(a) a solid, particulate silicate or alumino-silicate material;
(b) a chemical compound capable of converting to a higher oxidation state under alkaline conditions; and
(c) a reaction product formed between a polymeric material selected from polyvinyl alcohol or hydroxyalkyl cellulose and from about 0.1 to 200 percent of stoichiometry of a cross-linking agent.
The subject combination imparts fluid loss controlling properties to an aqueous system which are unattributable to each of the separate components and is stable to elevated temperature and conditions commonly encountered in bore hole drilling operations.
The present invention is directed to a composition which is capable of exhibiting stability under high temperature conditions, such as above about 250° F. while imparting a high degree of fluid (commonly, water) loss controlling properties to aqueous systems; to the use of such compositions to form an improved water-based drilling fluid; and to drilling of bore holes into substerranean formations using said improved drilling fluid.
The subject composition is a combination of a silicate or alumino-silicate material, a polymeric reaction product and a compound capable of converting to a higher oxidation state. The subject composition shall be described in terms of its use as a component of a drilling fluid.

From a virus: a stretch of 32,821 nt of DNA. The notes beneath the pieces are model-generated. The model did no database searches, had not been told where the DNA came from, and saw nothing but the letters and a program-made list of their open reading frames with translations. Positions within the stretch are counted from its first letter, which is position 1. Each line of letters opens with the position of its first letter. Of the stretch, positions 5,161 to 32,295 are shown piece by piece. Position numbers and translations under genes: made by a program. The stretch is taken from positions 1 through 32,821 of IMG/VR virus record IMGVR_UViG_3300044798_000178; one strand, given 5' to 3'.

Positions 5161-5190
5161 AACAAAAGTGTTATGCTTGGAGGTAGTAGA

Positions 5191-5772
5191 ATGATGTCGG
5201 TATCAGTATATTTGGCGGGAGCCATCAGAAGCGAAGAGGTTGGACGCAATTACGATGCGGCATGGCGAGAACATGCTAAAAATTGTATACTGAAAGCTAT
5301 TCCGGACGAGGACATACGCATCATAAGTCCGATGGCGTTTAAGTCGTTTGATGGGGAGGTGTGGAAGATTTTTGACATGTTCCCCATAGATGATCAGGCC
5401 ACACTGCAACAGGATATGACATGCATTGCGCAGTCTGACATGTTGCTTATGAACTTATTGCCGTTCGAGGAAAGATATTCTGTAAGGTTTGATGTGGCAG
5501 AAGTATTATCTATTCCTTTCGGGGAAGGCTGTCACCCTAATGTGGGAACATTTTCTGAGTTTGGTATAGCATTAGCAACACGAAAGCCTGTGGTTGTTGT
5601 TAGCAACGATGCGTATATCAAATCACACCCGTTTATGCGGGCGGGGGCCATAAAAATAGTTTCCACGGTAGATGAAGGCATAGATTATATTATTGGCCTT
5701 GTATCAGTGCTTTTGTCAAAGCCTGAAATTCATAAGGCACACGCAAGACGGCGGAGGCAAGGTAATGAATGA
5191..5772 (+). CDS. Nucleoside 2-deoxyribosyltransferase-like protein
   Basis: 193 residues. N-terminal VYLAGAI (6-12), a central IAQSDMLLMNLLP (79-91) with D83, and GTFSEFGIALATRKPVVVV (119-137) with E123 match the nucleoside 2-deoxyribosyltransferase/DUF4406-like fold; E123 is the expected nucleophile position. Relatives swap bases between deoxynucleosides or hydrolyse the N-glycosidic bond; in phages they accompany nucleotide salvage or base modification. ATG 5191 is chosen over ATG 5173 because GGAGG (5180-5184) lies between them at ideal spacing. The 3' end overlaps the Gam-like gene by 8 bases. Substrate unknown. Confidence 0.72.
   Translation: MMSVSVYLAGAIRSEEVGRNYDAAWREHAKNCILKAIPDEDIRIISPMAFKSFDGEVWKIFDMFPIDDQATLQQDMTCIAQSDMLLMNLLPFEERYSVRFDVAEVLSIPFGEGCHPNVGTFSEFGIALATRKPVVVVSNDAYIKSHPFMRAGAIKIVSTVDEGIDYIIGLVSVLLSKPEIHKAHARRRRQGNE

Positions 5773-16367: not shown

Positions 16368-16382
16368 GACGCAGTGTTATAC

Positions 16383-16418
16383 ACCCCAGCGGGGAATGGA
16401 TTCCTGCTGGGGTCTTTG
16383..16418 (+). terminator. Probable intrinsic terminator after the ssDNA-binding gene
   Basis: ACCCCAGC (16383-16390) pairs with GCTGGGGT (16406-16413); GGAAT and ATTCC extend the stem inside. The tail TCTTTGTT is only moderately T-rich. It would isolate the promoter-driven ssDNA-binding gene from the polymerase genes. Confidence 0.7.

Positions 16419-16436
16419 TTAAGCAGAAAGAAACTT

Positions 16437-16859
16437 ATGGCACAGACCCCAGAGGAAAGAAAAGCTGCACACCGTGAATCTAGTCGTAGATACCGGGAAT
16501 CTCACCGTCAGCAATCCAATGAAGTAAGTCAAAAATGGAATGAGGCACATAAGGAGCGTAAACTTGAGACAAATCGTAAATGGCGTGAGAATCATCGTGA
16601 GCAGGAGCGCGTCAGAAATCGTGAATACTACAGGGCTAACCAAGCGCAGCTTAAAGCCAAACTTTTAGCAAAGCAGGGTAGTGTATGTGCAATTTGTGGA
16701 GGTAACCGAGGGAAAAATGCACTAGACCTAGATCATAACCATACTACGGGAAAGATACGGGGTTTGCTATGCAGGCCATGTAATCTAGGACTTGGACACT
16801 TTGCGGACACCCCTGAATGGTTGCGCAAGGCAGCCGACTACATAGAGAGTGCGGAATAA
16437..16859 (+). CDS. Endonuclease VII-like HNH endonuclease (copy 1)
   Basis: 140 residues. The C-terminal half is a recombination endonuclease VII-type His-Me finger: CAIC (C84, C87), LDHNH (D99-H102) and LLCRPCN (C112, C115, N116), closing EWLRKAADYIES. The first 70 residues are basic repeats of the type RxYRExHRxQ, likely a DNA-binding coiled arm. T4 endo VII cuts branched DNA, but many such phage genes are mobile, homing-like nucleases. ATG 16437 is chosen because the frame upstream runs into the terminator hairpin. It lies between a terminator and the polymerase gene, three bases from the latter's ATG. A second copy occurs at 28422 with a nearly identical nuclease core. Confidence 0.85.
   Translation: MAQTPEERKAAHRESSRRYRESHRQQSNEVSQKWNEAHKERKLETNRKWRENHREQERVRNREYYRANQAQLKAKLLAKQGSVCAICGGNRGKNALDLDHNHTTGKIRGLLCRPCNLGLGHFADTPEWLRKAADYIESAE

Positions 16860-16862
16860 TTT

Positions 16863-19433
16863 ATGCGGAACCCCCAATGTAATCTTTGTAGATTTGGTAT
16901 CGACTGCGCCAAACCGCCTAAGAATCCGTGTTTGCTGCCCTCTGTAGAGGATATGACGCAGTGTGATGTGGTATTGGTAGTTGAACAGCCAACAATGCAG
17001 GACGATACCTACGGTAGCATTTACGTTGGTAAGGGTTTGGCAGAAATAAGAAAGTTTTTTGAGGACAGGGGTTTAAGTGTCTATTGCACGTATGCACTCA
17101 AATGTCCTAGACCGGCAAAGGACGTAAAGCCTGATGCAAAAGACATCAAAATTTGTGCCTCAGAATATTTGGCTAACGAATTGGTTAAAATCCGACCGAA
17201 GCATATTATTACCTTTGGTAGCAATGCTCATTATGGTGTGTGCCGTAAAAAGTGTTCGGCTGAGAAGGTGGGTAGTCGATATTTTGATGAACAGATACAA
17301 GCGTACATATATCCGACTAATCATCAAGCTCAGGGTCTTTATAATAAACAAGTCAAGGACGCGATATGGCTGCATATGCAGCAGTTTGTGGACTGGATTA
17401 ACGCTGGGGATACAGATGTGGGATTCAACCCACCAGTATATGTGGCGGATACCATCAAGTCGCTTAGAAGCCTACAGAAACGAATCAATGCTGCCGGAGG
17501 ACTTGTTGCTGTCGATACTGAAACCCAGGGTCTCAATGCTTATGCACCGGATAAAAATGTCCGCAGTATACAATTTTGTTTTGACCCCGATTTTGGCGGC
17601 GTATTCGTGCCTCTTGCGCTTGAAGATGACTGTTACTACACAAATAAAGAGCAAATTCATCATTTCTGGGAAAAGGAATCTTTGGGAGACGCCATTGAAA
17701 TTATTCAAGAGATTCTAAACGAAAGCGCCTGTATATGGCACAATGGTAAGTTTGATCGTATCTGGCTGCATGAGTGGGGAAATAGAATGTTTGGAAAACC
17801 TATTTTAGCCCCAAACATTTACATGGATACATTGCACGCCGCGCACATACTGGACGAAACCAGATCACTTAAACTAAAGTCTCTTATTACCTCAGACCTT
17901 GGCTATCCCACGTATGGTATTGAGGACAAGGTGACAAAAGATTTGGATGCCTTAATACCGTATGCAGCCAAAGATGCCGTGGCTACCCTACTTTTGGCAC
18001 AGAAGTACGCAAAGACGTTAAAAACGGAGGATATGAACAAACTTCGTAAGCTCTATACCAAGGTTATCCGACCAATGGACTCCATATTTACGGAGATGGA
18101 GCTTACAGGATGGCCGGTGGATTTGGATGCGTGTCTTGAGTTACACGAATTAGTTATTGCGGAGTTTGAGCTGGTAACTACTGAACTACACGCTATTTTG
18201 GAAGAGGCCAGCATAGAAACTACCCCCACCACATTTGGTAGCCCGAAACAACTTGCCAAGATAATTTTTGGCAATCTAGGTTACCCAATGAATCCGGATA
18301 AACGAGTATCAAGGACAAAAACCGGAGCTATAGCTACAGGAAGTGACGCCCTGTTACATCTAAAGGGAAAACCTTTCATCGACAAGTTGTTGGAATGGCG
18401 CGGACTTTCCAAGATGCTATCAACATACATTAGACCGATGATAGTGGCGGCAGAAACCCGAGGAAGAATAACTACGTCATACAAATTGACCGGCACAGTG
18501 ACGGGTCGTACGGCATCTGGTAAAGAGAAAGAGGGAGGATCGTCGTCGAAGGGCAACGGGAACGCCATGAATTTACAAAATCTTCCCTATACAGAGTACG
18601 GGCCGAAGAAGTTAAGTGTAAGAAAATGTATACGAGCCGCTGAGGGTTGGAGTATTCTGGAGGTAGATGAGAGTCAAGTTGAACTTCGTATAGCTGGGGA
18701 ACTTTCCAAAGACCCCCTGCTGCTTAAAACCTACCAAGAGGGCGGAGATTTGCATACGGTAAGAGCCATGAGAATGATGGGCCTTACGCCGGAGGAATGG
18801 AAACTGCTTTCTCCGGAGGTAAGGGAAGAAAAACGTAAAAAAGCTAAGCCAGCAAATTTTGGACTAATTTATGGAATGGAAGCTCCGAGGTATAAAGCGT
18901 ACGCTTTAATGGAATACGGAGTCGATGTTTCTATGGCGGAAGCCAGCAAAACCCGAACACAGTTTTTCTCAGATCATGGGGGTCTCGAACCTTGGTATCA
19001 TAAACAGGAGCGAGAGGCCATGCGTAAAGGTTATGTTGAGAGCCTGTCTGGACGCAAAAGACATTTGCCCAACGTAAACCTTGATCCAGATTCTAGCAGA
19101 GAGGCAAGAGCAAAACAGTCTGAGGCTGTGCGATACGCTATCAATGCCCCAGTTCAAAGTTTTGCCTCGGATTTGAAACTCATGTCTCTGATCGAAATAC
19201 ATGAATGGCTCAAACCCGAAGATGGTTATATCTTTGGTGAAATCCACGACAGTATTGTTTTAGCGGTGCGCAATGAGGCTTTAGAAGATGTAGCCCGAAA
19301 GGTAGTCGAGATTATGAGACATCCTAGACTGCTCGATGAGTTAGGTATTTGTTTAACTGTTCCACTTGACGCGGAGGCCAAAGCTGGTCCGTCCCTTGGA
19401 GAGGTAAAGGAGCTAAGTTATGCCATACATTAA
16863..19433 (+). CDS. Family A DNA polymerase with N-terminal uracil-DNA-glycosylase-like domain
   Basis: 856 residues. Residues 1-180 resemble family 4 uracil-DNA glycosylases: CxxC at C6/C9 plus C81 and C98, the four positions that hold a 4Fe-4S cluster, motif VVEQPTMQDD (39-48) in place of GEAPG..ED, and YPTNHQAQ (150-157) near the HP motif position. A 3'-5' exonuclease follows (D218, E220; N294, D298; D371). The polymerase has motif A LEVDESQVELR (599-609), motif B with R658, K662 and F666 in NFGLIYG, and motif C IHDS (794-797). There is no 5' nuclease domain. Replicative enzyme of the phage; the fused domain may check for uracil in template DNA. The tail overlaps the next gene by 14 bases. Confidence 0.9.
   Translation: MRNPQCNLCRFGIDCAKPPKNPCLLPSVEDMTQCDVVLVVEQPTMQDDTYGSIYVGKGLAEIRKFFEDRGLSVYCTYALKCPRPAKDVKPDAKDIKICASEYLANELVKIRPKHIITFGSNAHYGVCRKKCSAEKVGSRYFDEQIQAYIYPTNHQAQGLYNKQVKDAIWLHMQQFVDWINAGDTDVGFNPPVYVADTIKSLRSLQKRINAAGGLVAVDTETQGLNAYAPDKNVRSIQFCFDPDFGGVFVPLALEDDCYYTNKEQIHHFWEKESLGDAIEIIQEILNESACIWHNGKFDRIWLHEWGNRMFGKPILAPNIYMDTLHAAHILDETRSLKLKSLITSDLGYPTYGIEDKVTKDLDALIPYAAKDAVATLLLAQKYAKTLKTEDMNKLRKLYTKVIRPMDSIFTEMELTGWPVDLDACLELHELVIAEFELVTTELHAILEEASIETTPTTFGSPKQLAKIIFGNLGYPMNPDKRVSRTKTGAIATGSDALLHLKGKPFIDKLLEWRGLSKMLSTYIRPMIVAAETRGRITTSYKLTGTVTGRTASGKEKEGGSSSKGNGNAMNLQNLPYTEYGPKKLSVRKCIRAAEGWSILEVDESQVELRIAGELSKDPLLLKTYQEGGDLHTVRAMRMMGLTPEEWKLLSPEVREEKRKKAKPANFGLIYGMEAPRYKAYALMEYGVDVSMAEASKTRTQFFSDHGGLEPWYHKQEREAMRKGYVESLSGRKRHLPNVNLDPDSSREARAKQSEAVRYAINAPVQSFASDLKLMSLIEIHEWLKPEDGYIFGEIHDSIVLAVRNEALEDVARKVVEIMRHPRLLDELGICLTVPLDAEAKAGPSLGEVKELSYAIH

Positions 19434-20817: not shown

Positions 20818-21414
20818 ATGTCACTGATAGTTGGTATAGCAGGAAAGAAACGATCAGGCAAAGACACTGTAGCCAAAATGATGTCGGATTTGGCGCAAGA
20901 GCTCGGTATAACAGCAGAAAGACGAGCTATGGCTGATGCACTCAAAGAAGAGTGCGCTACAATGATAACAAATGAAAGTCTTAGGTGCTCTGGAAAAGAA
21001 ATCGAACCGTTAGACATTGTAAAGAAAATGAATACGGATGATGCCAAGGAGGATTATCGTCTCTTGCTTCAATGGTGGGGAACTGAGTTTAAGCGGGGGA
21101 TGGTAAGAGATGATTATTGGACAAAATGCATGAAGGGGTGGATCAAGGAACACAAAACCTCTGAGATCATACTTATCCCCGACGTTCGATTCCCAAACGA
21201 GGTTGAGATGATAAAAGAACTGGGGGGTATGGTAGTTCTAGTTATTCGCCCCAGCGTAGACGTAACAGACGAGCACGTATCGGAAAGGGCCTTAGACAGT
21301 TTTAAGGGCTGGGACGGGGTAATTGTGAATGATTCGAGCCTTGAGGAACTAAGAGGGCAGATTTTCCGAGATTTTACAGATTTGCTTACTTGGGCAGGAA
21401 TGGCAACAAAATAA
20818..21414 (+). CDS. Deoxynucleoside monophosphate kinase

It has been presently found that silicate or alumino-silicate solid, particulate material can be used to impart a high degree of fluid loss properties to aqueous systems when combined with the polyvinyl alcohol or a hydroxyalyl cellulose reaction product described hereinbelow. It is preferred that the solid, particulate material be substantially inorganic and contain a major amount of kaolinite, halloysite, montmorillonite or illite minerals or mixtures thereof and the like. The preferred materials are attapulgite, sepiolite and bentonite.
Bentonite clays are readily available from various sources throughout the world. The material is conventionally mined either from open pits or underground deposits. It is dried from its natural moisture content of 30 to 40% percent to a moisture content of from about 5 to 15 percent. The dried material is customarily pulverized, usually by a roller mill, to a fineness of 200 mesh (90%) or smaller. Bentonite can contain various exchangeable cations within its structure. The major cation can be sodium, potassium, calcium, magnesium or ammonium.
Attapulgite clays are widely used in the drilling industry to impart viscosity to drilling fluids having high electrolyte content. Attapulgite clays are extensively mined in the Georgia - Florida area of the United States. These clays do not exhibit fluid loss control properties.